DROP TABLE three_a; CREATE TABLE three_a(n INTEGER NOT NULL PRIMARY KEY, steps INTEGER NOT NULL GENERATED ALWAYS AS (three_a_plus_one(n)));
The syntax is very similar to that of an IDENTITY column (also introduced in DB2 7,1) , except that instead of the identity properties an expression is provided.
Since the generated column acts as a check constraint there are several rules that apply to the expression to ensure the constraint is always true:
Identity columns by contrast do allow override.
INSERT INTO three_a(n) WITH rec(n) AS (VALUES (1) UNION ALL SELECT n + 1 FROM rec WHERE n < 100000) SELECT * FROM rec;
There was no need to specify the function anywhere in the insert.
In fact we did not even need to use the column at all.
DB2 automatically will inject the equivalent of a before trigger to produce the required value.
In contrast to the handcrafted schema we first used there is no need to check consistency of the database since DB2 is fully in control.
INSERT INTO three_a(n) VALUES (300000); Optimized Statement: ------------------- INSERT INTO SERGE.THREE_A AS Q3 SELECT 300000, "SERGE "."THREE_A_PLUS_ONE"(300000) FROM (VALUES 1) AS Q1
DB2 has injected the SQL function as if it were user specified with no additional overhead.
In the above two INSERT statements the column has been omitted from the INSERT column list altogether.
If a column is omitted from the column list DB2 will default that column.
For a generated column defaulting implies generation of the computed value.
Therefore you can also specify the DEFAULT keyword as a placeholder for the value:
INSERT INTO three_a VALUES (300003, DEFAULT);
You may not, however provide an explicit value, even if that value is correct:
INSERT INTO three_a VALUES (300005, three_a_plus_one(300005)); SQL0798N A value cannot be specified for column "STEPS" which is defined as GENERATED ALWAYS.
Very similar to inserting DB2 will maintain the generated column value on updates.
If the a value the generated column depends on is changed the generated column will be adjusted accordingly.
SELECT steps FROM three_a WHERE n = 300003; STEPS ----------- 158 UPDATE three_a SET n = 251111 WHERE n = 300003; SELECT steps FROM three_a WHERE n = 251111; STEPS ----------- 256
Despite not having defined an explicit check constraint DB2 not only knows of its existence.
It can also use the knowledge to rewrite the query:
SELECT COUNT(*) FROM three_a WHERE three_a_plus_one(n) = 100; 1 ----------- 36 Optimized Statement: ------------------- SELECT Q3.$C0 FROM (SELECT COUNT(*) FROM (SELECT $RID$ FROM SERGE.THREE_A AS Q1 WHERE (Q1.STEPS = 100) ) AS Q2 ) AS Q3
Note how the optimized SQL returned by db2exfmt shows that the expression has been replaced by the column STEPS.
This opens up an interesting possibility.
If the generated column itself is indexed then the optimizer can choose that index after DB2 has exploited the generated column reference.
That is, de-facto, a generated column provides similar function to an index on an expression.
CREATE INDEX steps ON three_a(steps); SELECT COUNT(*) FROM three_a WHERE three_a_plus_one(n) = 100; 1 ----------- 36 Rows RETURN ( 1) Cost I/O | 1 GRPBY ( 2) 6.81703 1 | 38.8879 IXSCAN ( 3) 6.81315 1 | 10002 INDEX: SERGE STEPS Q1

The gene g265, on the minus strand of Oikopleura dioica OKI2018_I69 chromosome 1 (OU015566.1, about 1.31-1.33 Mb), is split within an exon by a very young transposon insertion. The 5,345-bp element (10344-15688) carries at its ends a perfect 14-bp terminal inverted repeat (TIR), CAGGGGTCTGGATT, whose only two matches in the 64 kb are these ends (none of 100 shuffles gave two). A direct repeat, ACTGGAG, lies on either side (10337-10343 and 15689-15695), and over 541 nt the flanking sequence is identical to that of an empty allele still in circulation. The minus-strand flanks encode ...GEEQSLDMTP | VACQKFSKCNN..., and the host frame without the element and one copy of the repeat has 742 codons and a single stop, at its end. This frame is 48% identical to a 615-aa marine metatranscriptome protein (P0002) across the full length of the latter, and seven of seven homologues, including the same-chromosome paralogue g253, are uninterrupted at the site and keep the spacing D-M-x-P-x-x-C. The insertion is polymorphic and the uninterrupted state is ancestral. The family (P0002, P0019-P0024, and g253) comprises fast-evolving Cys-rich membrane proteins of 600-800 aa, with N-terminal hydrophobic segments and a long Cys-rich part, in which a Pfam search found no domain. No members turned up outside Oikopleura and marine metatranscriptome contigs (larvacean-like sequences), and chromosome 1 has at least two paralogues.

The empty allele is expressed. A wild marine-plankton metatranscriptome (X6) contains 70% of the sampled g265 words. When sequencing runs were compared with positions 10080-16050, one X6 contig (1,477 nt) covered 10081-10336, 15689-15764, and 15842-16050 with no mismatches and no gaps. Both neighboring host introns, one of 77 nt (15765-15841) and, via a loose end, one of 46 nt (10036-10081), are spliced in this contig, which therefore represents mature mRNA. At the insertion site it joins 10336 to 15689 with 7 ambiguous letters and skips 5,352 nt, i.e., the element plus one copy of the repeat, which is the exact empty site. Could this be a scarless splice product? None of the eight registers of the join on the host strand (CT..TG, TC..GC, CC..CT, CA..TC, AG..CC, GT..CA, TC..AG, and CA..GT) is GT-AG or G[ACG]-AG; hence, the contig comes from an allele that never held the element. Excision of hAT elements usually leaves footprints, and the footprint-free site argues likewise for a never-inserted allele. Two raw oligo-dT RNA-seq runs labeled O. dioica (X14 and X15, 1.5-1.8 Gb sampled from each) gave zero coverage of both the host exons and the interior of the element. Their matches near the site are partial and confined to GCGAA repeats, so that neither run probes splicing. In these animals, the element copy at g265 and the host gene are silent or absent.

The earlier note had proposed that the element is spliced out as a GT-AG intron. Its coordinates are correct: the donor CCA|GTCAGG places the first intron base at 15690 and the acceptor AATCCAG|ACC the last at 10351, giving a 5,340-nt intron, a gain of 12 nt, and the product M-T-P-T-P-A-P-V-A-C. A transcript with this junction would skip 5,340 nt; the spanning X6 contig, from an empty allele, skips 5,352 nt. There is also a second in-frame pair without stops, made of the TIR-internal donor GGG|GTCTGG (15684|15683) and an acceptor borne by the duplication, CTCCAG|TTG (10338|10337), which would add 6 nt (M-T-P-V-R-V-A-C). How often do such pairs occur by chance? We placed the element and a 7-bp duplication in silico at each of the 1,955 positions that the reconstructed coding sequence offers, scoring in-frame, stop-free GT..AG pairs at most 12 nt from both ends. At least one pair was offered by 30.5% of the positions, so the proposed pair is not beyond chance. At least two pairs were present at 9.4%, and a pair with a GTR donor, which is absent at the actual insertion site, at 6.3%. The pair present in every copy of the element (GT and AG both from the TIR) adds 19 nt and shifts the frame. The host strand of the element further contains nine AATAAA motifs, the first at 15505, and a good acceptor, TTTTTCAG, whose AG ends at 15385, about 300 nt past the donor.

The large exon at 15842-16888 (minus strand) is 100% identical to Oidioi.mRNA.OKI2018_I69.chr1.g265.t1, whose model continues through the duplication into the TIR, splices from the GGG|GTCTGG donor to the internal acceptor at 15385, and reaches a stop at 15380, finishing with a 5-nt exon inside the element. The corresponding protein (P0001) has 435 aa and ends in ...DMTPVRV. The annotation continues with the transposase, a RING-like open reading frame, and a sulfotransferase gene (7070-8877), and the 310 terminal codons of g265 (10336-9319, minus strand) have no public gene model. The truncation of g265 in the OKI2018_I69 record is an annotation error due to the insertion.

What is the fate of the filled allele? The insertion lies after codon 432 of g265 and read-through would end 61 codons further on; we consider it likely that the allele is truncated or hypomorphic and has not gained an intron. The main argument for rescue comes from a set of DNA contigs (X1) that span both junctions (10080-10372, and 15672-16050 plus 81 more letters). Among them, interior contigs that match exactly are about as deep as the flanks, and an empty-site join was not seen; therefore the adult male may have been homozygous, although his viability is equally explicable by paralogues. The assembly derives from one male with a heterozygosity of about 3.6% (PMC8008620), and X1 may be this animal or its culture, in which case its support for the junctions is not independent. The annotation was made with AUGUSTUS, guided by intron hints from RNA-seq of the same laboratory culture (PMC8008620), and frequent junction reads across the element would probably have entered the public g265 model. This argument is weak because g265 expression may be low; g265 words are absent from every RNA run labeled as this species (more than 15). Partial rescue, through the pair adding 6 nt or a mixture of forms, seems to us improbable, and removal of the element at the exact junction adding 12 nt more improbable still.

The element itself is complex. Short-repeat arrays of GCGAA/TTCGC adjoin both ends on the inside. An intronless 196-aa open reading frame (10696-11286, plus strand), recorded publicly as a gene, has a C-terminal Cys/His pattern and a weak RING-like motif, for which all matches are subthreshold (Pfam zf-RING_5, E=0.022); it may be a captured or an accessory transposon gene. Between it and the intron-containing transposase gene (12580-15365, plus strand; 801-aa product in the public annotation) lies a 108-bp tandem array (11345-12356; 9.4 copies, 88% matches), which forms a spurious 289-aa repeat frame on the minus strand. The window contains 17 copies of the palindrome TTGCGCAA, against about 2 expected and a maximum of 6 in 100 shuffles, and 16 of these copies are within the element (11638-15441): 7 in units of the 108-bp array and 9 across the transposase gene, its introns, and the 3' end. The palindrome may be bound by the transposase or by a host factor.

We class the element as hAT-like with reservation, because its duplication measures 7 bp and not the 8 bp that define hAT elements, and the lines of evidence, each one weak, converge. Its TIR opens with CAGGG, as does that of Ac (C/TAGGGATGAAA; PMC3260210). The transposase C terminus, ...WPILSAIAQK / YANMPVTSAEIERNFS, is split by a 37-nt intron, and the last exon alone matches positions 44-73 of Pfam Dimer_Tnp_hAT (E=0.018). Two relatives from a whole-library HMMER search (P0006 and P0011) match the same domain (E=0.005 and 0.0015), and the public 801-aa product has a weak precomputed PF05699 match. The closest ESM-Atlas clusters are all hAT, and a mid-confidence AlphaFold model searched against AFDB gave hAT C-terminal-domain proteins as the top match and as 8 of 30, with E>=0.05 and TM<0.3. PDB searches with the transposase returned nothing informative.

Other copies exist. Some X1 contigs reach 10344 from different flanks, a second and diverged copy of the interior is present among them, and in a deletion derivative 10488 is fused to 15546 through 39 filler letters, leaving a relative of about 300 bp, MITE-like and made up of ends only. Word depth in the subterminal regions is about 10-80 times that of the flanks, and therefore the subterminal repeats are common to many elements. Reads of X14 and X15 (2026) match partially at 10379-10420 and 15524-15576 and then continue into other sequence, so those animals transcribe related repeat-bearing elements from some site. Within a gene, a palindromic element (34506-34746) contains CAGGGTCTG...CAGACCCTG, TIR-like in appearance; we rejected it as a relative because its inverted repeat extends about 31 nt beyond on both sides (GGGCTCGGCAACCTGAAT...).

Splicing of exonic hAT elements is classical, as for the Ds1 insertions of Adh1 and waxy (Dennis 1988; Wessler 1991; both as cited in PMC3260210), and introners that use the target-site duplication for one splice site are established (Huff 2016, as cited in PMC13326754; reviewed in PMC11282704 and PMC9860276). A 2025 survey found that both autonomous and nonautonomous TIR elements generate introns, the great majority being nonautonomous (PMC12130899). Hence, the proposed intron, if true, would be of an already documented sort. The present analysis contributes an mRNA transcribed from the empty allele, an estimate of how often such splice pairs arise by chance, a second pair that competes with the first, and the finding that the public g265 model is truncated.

The difference to an index on an expression, of course, is that here the expression is actually materialized in the table.
This costs a bit more space. It does however also speed up queries that do table scans, such as a hash join over the expression.
Altering generated columns
So what do you do if you have a functionally dependent column today without using a generated column syntax?
If you want to exploit the functionality you want to make that column a generated column.
Another scenario may be where you want to replace the generated column with another expression, perhaps to fix a logic error.
To achieve that you can use the regular ALTER TABLE statement, but with a twist.
Since the table currently has data you cannot simply replace the expression.
When adding a true check constraint DB2 will never change the data in the table.
In this case however this may be necessary.
DB2 not only needs to validate rows, it also needs to fix them.
Therefore whenever you add a generated column or make a non generated column a generated column, you need to place the table into check pending mode and use SET INTEGRITY to recover from that once the ALTER TABLE is complete.
Altering columns to add or remove the generated column properties (along with identity and default) was introduced in DB2 8.2.
In the following example will replace the three_a_plus_one() function with a faster inlined version:
CREATE OR REPLACE FUNCTION three_a_plus_one(IN n INTEGER) RETURNS INTEGER SPECIFIC three_a_plus_one CONTAINS SQL DETERMINISTIC NO EXTERNAL ACTION BEGIN ATOMIC DECLARE a INTEGER; DECLARE steps INTEGER DEFAULT 0; SET a = n; WHILE a <> 1 DO SET a = CASE WHEN (a / 2) * 2 = a THEN a / 2 ELSE 3 * a + 1 END, steps = steps + 1; END WHILE; RETURN steps; END / SQL0478N DROP, ALTER, TRANSFER OWNERSHIP or REVOKE on object type "FUNCTION" cannot be processed because there is an object "SERGE.THREE_A", of type "TABLE", which depends on it.
The function cannot be replaced while the generated column is in place.